Is your doctor trustworthy?


If your doctor prescribes an inappropriate medication or gives you an incorrect diagnosis, would you want to know about it? Sure you would, but about one-third of doctors would rather stay “mum” for fear of being sued for malpractice. This may be in the best interest of your doctor, but it’s certainly not in your best interest, especially considering how common serious medical errors actually are.

A June 2010 report in the Journal of General Internal Medicine, which analyzed 62 million death certificates from 1979 to 2006 (the most recent year available), found that almost a quarter-million of those deaths were coded as having occurred in a hospital setting due to medication errors.ii  In an AMA article discussing the study, one co-author was quoted as stating that “medication errors are the second-leading cause of accidental death, and the only kind of accidental death that is increasing over time.”iii

An estimated 450,000 preventable medication-related adverse events occur in the U.S. every year, and adverse drug reactions cause injuries or death in 1 of 5 hospital patients. That is nearly HALF a MILLION people who die every year that don’t have to. The costs of adverse drug reactions to society are more than $136 billion annually — greater than the total cost of cardiovascular or diabetic care.iv

Further, an analysis in the New England Journal of Medicine in 2010 found that 18 percent of patients were harmed by medical care (some repeatedly) and over 63 percent of the injuries could have been prevented.v In nearly 2.5 percent of these cases, the problems caused or contributed to a person’s death. In another 3 percent, patients suffered from permanent injury, while over 8 percent experienced life-threatening issues, such as severe bleeding during surgery.

In all there were over 25 injuries per 100 admissions! In other words you have a one in four chance of getting injured if you are admitted to the hospital, not very good odds by any stretch. Worse still, if you do suffer from a medical error, about one in three doctors may not own up to the mistake, which means you’ll have no way of knowing if your new symptoms or health problems are actually the result of inappropriate medical care …

To read the whole article….  http://articles.mercola.com/sites/articles/archive/2012/03/12/how-honest-is-your-doctor.aspx?e_cid=20120312_DNL_art_2

Until Next time,

Polly

Advertisements

About Polly Heil-Mealey, ND, P.Sc., HHP, M.Ed., C.C.I.

Dr. Polly Heil-Mealey is the Past-President of the International Iridology Practitioners Association (IIPA), as well as an IIPA Certified Iridologist with a Master’s Degree in Education, and a Naturopathic degree. She has been involved in education and Biblical health care since 1994. Dr. Polly has been active in both television and radio, presenting community service programs covering various topics. An international traveler, she gives seminars on alternative health practices, incorporating iridology and Biblical nutritional counseling. Dr. Polly now uses her expert ability to communicate vital and useful information to help her clients build or restore their health. One of Dr. Polly’s greatest passions is to see her clients restore their health through natural therapies. Every success story confirms the need for education in holistic practices. Dr. Polly brings a high level of dedication and commitment to her clientele. She has touched the lives of many with her concern and selfless devotion. The verse “My people perish for lack of knowledge,” is a scripture that touches every level of society. As clients learn and understand holistic protocols, they are able to improve their health drastically by incorporating diet and lifestyle changes. Dr. Polly is married to Stephen Hale, and together they have eight children. Both are very active in their church and serve on various boards in their community. Dr. Polly is also the director of Women’s Ministries of her church. Dr. Polly and Stephen reside in Humble, Texas.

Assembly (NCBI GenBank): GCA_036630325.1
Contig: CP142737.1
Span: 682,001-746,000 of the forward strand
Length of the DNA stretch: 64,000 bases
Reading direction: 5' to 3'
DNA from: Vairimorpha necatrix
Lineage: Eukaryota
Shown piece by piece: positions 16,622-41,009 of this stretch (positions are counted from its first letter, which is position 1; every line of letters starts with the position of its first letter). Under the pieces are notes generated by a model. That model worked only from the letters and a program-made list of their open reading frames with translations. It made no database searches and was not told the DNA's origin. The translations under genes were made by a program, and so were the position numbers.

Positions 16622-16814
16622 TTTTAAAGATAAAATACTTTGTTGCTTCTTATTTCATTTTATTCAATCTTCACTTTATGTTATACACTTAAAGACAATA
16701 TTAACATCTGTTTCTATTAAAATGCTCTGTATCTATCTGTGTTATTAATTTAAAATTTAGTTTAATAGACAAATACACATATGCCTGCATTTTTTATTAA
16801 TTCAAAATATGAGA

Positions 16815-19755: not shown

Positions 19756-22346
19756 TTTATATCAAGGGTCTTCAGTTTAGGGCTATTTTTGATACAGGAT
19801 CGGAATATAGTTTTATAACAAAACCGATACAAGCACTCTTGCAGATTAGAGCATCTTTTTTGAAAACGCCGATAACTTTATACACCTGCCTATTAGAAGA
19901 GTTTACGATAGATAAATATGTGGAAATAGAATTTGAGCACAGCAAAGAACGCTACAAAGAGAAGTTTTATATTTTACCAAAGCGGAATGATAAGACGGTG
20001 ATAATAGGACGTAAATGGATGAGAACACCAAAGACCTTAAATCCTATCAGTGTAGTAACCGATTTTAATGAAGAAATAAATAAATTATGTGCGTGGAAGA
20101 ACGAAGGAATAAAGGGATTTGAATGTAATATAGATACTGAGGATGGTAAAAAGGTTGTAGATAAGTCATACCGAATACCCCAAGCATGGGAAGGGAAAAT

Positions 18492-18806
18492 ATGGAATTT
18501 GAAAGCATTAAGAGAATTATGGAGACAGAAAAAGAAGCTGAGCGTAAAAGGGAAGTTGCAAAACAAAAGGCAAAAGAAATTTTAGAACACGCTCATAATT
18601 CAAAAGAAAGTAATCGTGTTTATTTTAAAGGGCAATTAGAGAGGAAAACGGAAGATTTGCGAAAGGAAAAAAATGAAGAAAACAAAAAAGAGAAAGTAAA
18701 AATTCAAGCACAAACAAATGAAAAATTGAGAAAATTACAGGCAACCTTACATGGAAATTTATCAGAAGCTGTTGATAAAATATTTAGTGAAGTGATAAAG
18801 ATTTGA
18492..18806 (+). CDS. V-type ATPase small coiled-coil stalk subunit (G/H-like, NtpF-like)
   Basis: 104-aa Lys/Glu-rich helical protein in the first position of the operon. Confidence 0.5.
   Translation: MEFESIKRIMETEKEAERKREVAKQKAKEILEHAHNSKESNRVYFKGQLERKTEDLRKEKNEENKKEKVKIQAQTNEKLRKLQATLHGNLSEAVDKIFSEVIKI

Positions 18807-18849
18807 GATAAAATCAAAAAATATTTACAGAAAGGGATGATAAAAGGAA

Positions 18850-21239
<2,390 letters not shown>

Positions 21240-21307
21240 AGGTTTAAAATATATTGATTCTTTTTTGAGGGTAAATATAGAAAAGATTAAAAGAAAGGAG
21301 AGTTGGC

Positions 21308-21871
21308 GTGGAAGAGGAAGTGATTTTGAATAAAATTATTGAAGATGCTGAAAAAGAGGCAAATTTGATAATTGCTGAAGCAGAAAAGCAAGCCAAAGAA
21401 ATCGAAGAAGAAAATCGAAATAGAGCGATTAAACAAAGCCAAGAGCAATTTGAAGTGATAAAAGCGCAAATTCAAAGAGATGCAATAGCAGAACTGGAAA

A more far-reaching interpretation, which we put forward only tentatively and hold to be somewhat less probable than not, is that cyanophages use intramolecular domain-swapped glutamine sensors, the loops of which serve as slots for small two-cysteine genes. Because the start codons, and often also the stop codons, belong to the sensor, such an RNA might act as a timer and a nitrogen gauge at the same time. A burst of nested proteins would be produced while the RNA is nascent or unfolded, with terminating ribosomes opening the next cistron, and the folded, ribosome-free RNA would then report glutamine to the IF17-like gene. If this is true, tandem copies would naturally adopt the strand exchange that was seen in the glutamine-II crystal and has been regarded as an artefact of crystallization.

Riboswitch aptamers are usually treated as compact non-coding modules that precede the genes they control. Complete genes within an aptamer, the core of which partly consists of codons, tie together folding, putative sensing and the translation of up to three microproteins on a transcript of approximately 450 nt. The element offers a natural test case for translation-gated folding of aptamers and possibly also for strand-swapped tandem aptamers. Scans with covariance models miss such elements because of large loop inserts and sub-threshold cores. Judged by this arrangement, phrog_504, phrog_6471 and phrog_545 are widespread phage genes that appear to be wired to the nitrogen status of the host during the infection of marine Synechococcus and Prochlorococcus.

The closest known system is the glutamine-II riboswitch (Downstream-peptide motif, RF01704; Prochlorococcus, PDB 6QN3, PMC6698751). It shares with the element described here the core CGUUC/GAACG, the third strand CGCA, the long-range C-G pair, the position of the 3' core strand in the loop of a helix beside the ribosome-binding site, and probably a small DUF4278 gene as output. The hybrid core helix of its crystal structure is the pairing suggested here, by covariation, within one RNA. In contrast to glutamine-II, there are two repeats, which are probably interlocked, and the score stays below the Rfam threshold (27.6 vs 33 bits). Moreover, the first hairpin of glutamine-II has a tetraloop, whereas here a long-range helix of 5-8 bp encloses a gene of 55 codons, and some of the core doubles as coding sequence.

This entry was posted in Health and tagged , . Bookmark the permalink.

Leave a Reply

Fill in your details below or click an icon to log in:

WordPress.com Logo

You are commenting using your WordPress.com account. Log Out / Change )

Twitter picture

You are commenting using your Twitter account. Log Out / Change )

Facebook photo

You are commenting using your Facebook account. Log Out / Change )

Google+ photo

You are commenting using your Google+ account. Log Out / Change )

Connecting to %s